AP Statistics Curriculum 2007 NonParam ANOVA

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Revision as of 05:07, 2 March 2008

Contents

General Advance-Placement (AP) Statistics Curriculum - Means of Several Independent Samples

In this section we extend the multi-sample inference which we discussed in the ANOVA section, to the situation where the ANOVA assumptions are invalid. Hence we use a non-parametric analysis to study differences in centrality between two or more populations.

Motivational Example

Suppose four groups of students were randomly assigned to be taught with four different techniques, and their achievement test scores were recorded. Are the distributions of test scores the same, or do they differ in location? The data is presented in the table below.

Teaching Method
Method 1 Method 2 Method 3 Method 4
Index 65 75 59 94
87 69 78 89
73 83 67 80
79 81 62 88

The small sample sizes, and the lack of information about the distribution of each of the four samples, imply that ANOVA may not be appropriate for analyzing these data.

The Kruskal-Wallis Test

Kruskal-Wallis one-way analysis of variance by ranks is a non-parametric method for testing equality of two or more population medians. Intuitively, it is identical to a one-way analysis of variance with the raw data (observed measurements) replaced by their ranks.

Since it is a non-parametric method, the Kruskal-Wallis test does not assume a normal population, unlike the analogous one-way ANOVA. However, the test does assume identically-shaped distributions for all groups, except for any difference in their centers (e.g., medians).

Calculations

  1. Rank all data from all groups together; i.e., rank the data from 1 to N ignoring group membership. Assign any tied values the average of the ranks they would have received had they not been tied.
  2. The test statistic is given by:
K = (N-1)\frac{\sum_{i=1}^g n_i(\bar{r}_{i\cdot} - \bar{r})^2}{\sum_{i=1}^g\sum_{j=1}^{n_i}(r_{ij} - \bar{r})^2}, where:
    • ng is the number of observations in group g
    • rij is the rank (among all observations) of observation j from group i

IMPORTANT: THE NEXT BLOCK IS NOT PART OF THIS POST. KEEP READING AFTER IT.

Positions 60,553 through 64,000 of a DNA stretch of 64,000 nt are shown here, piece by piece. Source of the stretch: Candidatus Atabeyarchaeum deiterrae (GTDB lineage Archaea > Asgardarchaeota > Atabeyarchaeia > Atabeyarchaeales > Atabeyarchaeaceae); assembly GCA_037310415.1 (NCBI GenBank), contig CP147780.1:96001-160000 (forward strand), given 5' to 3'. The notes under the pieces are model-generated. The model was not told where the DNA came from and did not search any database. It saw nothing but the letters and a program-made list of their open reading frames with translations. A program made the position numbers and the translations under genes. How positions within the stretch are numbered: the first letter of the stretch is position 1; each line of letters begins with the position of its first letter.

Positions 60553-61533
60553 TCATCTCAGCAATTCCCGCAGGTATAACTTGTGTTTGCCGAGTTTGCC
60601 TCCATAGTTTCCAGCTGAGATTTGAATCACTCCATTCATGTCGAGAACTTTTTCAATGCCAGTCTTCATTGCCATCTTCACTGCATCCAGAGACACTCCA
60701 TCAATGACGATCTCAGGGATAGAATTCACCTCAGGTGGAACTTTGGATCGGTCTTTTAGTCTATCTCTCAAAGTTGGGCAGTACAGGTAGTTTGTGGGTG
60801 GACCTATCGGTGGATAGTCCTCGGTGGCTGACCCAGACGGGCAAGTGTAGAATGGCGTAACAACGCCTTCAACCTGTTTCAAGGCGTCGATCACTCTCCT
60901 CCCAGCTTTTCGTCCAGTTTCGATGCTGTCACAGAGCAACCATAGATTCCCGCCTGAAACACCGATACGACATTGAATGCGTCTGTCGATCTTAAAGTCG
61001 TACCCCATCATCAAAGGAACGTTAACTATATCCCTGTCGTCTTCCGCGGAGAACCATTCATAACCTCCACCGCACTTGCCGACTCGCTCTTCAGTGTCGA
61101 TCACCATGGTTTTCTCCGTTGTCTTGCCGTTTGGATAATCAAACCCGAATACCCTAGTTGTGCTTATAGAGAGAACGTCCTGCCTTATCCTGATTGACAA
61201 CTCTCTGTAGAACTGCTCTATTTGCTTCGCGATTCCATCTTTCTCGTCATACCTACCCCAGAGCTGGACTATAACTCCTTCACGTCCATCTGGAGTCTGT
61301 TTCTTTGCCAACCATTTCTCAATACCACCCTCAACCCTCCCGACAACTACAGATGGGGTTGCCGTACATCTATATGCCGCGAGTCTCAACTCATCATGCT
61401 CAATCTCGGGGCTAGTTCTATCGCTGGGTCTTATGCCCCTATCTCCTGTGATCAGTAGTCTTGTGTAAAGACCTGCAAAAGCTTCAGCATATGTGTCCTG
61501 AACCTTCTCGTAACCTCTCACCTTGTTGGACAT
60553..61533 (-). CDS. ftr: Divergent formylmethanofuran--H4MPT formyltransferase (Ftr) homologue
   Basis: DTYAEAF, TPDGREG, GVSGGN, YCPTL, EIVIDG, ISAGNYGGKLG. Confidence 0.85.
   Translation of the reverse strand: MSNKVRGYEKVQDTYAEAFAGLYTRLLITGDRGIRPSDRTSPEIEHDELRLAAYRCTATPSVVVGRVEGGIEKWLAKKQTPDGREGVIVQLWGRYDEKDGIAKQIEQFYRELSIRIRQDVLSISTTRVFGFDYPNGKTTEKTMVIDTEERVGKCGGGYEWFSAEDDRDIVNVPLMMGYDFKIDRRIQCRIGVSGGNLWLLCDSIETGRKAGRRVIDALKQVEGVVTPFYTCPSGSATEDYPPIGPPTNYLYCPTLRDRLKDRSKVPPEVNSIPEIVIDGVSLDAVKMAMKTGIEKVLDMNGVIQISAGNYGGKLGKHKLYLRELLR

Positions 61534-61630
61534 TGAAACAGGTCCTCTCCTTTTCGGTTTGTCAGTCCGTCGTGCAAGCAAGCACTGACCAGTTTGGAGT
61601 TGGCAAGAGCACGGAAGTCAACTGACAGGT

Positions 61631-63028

• N is the total number of observations across all groups
    • \bar{r}_{i\cdot} = \frac{\sum_{j=1}^{n_i}{r_{ij}}}{n_i},
    • \bar{r} =(N+1)/2 is the average of all the rij.
    • Notice that the denominator of the expression for K is exactly (N − 1)N(N + 1) / 12. Thus K = \frac{12}{N(N+1)}\sum_{i=1}^g n_i(\bar{r}_{i\cdot} - \bar{r})^2.
  1. A correction for ties can be made by dividing K by 1 - \frac{\sum_{i=1}^G (t_{i}^3 - t_{i})}{N^3-N}, where G is the number of groupings of different tied ranks, and ti is the number of tied values within group i that are tied at a particular value. This correction usually makes little difference in the value of K unless there are a large number of ties.
  2. Finally, the p-value is approximated by \Pr(\chi^2_{g-1} \ge K). If some ni's are small (i.e., less than 5) the probability distribution of K can be quite different from this Chi-square distribution.

The null hypothesis of equal population medians would then be rejected if K \ge \chi^2_{\alpha: g-1}.

The Kruskal-Wallis Test using SOCR Analyses

It is much quicker to use SOCR Analyses to compute the statistical significance of this test. This SOCR KruskalWallis Test activity may also be helpful in understanding how to use this test in SOCR.

For the teaching-methods example above, we can easily compute the statistical significance of the differences between the group medians (centers):

Clearly, there are significant differences between the group medians, even after the multiple testing correction, all groups appear different from each other.

Group Method1 vs. Group Method2: 1.0 < 5.2056
Group Method1 vs. Group Method3: 4.0 < 5.2056
Group Method1 vs. Group Method4: 6.0 > 5.2056
Group Method2 vs. Group Method3: 5.0 < 5.2056
Group Method2 vs. Group Method4: 5.0 < 5.2056
Group Method3 vs. Group Method4: 10.0 > 5.2056

Practice Examples

TBD

Notes


References




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